How not to tour Mont Blanc

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The Tour du Mont Blanc (TMB), a 160km loop hike through Switzerland, Italy and France, is almost too good to be true. Where else can you spend 10 days frolicking along the Alps' best valleys, hamlets and passes - interrupted only by the siren call of draft beer, fondue, a warm shower and a pillow? Hard-core hikers laugh at the idea. This is hardly roughing it!

Each year, 10,000 hikers follow the loop around Mont Blanc - Europe's highest mountain. I joined the masses last year. Hailing from Seattle, I was born with a love for the mountains, and years of hiking in the Pacific Northwest had prepared me well - but I still got a few things wrong. I hope my blunders will make yours a happier tour.

Mistake #1: I overpacked.

Being a prudent hiker, I packed a tent, water filter, cooking stove, matches, sleeping pad and head torch - and never used them. Not even once! On the TMB, you pass a water or food source every five kilometres, and accommodation every 10. The standard accommodation comes in the form of refuges: mountain huts that vary in quality, but most often are equipped with plumbing, warm beds and delicious homecooking. While, yes, it's better to be safe than sorry, I lugged 15 unnecessary kilos around the mountain. But at the same time, it was fun watching the shock on children's faces as I passed them along the trail. I was a Mont Blanc superhero.

Mistake #2: I went alone.

Since I wasn't able to entice any of my friends to walk around the mountain with me, I did it alone. Solo travel is a rewarding pursuit - but not in the woods. First of all, it's dangerous, especially for a 20-something girl. It's even more dangerous for a 20-something girl who has a terrible sense of direction and poor map-reading skills. Luckily, I wasn't really alone all that often, as I passed fellow hikers (with, thankfully, better navigation skills) every 15 minutes or so. Plus, being a solo female traveller scored me extra cocoa powder on my cappuccinos and invitations to join in nightly card games.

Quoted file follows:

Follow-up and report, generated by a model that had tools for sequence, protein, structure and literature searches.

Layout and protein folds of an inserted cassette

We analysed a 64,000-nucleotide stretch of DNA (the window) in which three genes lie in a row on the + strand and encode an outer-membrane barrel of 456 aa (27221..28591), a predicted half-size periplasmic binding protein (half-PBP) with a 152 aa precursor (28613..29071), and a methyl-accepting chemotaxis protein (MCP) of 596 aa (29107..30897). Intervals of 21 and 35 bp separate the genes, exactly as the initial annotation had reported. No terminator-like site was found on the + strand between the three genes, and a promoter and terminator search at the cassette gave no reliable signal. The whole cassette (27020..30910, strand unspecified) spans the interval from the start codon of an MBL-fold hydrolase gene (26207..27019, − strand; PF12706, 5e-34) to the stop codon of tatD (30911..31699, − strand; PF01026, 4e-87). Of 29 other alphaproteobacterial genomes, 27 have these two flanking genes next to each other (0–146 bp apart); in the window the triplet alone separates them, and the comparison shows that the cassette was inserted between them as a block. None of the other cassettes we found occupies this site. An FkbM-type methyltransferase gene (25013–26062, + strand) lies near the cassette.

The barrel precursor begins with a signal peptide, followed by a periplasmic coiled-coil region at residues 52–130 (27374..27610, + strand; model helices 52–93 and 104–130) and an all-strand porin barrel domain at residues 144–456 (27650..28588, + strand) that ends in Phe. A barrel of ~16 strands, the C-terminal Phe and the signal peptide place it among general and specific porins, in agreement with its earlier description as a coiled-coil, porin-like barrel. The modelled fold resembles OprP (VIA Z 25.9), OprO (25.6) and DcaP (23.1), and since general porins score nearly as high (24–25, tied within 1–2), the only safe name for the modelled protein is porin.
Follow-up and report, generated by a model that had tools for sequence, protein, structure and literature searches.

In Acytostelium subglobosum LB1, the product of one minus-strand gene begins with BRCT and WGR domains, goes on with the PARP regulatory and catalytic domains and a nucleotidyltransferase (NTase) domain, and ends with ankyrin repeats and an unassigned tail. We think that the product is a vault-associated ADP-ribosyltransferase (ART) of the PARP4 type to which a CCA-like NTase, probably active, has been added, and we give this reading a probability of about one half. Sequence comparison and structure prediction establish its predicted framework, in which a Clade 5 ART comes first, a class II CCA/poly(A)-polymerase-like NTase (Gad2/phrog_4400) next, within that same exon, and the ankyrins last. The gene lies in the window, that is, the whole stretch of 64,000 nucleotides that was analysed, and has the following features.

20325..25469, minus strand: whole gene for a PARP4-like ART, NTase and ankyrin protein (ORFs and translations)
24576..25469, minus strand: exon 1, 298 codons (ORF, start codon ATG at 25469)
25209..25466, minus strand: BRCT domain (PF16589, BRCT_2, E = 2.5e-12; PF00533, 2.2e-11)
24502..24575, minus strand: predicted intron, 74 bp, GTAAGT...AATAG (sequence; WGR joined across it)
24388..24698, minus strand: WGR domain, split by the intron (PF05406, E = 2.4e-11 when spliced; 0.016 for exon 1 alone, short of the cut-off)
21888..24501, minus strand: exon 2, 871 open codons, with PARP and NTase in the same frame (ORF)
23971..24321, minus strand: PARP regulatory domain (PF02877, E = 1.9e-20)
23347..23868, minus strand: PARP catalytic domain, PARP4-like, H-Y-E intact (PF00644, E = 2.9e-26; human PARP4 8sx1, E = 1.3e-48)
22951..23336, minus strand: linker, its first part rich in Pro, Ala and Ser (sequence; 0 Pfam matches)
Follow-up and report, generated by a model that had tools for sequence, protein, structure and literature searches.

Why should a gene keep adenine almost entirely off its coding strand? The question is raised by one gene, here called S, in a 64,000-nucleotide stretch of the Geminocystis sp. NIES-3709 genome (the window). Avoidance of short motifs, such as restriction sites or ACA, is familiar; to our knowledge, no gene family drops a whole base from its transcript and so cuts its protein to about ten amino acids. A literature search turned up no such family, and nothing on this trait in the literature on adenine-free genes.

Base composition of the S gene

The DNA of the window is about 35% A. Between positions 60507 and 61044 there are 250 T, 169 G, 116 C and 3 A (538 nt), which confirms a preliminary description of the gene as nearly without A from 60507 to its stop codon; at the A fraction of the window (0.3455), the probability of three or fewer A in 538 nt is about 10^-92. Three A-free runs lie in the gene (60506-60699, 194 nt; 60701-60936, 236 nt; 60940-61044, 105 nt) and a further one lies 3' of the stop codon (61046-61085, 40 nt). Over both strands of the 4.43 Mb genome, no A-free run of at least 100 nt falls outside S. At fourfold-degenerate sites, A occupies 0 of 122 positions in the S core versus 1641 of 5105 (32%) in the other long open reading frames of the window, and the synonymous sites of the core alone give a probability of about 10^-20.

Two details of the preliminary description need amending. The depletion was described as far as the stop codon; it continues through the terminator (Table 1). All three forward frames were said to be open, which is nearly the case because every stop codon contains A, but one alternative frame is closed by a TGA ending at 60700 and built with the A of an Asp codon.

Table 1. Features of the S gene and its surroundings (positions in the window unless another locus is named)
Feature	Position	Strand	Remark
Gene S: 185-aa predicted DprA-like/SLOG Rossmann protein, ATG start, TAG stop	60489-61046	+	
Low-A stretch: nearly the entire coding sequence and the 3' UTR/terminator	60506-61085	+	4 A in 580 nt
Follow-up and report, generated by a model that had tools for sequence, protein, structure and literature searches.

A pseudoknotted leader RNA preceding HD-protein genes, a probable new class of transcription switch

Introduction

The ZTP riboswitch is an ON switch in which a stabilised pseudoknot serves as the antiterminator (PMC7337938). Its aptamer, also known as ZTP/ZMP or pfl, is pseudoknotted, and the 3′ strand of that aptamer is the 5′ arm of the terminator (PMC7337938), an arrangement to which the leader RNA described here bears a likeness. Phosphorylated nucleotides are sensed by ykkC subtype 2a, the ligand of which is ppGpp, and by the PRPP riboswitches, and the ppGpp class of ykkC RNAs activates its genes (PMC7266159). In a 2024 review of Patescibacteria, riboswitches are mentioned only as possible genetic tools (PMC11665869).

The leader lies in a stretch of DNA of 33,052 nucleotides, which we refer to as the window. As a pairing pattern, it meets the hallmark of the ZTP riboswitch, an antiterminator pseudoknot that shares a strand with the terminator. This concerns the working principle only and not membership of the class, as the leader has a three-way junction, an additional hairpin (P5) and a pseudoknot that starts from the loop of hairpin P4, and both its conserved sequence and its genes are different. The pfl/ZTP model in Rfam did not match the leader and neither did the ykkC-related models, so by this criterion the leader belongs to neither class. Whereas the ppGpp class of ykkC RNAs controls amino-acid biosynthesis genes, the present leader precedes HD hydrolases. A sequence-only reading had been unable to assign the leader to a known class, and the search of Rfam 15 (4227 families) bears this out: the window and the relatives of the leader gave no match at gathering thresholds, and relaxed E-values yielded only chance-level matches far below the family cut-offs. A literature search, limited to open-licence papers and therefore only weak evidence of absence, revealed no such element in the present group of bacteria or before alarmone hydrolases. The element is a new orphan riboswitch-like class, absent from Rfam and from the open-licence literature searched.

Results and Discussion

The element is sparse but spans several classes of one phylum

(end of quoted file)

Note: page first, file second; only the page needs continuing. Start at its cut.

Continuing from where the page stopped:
Mistake #3: I thought I'd come home slimmer.

I assumed that a week and a half spent walking 7 hours a day along a very hilly trail (the total elevation gain is 8500m!) would burn a calorie or two. I optimistically thought I might even tone up a bit. Um, no.  Italy enticed me with cappuccinos, spaghetti alla bolognese and pistachio gelato. I couldn't say no to Switzerland's huge mugs of hot chocolate, polenta (which I wasn't crazy about - but ate nevertheless), and omelettes. I shamelessly indulged in France on pain au chocolat, metre-long ham and cheese sandwiches and fondue so good it brought tears to my eyes. Delicious, but no diet strategy.

Mistake #4: I didn't speak French.

I wouldn't be the first native English speaker to take it for granted that, sure, everyone speaks English in Europe. Being fluent in Italian, I figured I'd have no problem communicating. I was wrong. French is the unofficial language of the TMB - even in the Italian section, it seems. Many of the locals I came in contact with spoke even less than the limited amount of English I was optimistically hoping for - which meant that I had to speak French. That proved quite difficult since I struggled even to pronounce bonjour correctly, much less ask where I could put my muddy boots.

Mistake #5: I didn't summit.

No, not on foot! I mean I didn't take the gondola to the summit of Mont Blanc after finishing the loop. You can take a cable car from France's Chamonix or Italy's Courmayeur to see the spectacular views from the top of the mountain you've just walked around. I regret not having done this as a reward for having finished the hike - I suppose I must have been too busy eating!

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